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In the mid 1800's, the Hudson River School of painters became an influential group in the American art scene. Known for their incredible depictions of the newly opened West and America's wilderness in the Northeast, the Hudson River School frames were generally deeply carved, ornamented and gilded to create a grand presence.
During that same period, artist James McNeil Whistler had a significant impact on the art world. The Whistler style of frame has strong lines, but simpler with fewer embellishments than seen previously in American framing. These and others had significant impact on American frames.
When Louis XVI became King in 1774, his reign marked a return to the classics - the Neo-Classical period. Designs during this time became simpler, with straighter lines and more symmetry. Colors used were lighter in tone and ornamentation became more delicate.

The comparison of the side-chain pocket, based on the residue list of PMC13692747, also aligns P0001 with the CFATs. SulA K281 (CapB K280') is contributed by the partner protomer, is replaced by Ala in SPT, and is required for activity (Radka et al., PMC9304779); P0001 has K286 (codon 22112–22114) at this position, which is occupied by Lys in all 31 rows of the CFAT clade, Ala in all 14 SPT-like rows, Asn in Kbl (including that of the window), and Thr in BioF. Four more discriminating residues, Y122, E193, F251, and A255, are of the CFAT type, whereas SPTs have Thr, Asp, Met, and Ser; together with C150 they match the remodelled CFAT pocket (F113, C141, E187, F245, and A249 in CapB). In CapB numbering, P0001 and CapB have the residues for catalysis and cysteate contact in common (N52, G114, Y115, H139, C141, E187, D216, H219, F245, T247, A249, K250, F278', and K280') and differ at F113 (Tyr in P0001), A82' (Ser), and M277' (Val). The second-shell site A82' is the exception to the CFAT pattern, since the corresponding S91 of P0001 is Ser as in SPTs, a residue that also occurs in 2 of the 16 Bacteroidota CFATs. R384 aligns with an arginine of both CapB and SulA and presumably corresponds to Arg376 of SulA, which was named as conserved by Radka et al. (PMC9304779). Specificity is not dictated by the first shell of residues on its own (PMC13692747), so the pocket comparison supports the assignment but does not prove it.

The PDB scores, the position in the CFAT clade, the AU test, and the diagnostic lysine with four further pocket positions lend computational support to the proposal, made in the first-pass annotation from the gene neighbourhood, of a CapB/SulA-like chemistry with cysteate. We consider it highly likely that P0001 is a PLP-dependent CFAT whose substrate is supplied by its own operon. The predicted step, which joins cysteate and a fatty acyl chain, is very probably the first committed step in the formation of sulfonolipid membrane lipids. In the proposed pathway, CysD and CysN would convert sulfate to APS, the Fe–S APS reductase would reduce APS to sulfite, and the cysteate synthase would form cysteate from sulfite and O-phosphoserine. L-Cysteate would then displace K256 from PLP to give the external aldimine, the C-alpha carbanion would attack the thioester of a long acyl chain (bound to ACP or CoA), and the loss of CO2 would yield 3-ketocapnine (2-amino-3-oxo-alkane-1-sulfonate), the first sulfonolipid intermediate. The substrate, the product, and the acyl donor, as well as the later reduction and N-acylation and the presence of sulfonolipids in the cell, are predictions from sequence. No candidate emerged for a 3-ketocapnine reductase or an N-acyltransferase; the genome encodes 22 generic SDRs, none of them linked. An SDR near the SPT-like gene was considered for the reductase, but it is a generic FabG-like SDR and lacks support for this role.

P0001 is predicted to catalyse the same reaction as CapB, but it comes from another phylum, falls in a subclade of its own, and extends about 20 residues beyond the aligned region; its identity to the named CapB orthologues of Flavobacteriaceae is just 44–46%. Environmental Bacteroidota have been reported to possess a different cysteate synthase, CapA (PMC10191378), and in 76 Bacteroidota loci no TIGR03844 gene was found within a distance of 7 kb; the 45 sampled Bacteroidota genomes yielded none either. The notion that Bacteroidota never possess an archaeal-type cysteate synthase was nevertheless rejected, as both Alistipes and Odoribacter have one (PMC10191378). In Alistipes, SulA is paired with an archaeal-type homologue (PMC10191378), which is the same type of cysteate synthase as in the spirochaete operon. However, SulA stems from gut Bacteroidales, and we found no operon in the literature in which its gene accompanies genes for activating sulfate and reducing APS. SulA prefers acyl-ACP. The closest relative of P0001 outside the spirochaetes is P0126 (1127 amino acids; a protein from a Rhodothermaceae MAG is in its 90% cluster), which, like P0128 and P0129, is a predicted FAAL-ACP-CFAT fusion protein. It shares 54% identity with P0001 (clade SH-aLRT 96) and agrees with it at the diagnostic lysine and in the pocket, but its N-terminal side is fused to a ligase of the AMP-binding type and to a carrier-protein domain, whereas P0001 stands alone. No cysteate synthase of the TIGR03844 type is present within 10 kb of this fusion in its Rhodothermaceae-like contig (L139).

Concerto's French collection frames authentically replicate the exquisite patterns and ornamentations of these various times. The elegant gilding and soft patinas come together to bring you these fine finished corner frames with French style.
Frame designs were largely based on the casetta style. Casseta panels were often ornamented and gilded with decorative techniques including sgraffito, pastiglia and carved patterns, often originating from cathedrals or historic Greek designs.
These frames reflect some of the most authentic characteristics of classic Italian style.
Another characteristic were the dark painted finishes often used to simulate the darker woods. Important works of art by Rembrandt, Vermeer, and Van Dyk would likely be placed in frames with this masterful deep finish.
Historically Accurate, Finished Corner, Gilded Artisan Frames
Frames produced in Spain during the 17th century had many similar influences to those created in Italy, though they tended to have more deeply carved patterns and higher contrast finishes. These bold designs were primarily gilded and exuded an opulence reflective of the era.
Designs with clean modern lines, influenced by the Brauhaus architecture of the time, proved an effective way to showcase modern art. This style is captured with unadorned simple forms and elegant style utilizing the deep luster of gold and white gold with rich clay undertones creating the perfect harmony between frame and modern works of art.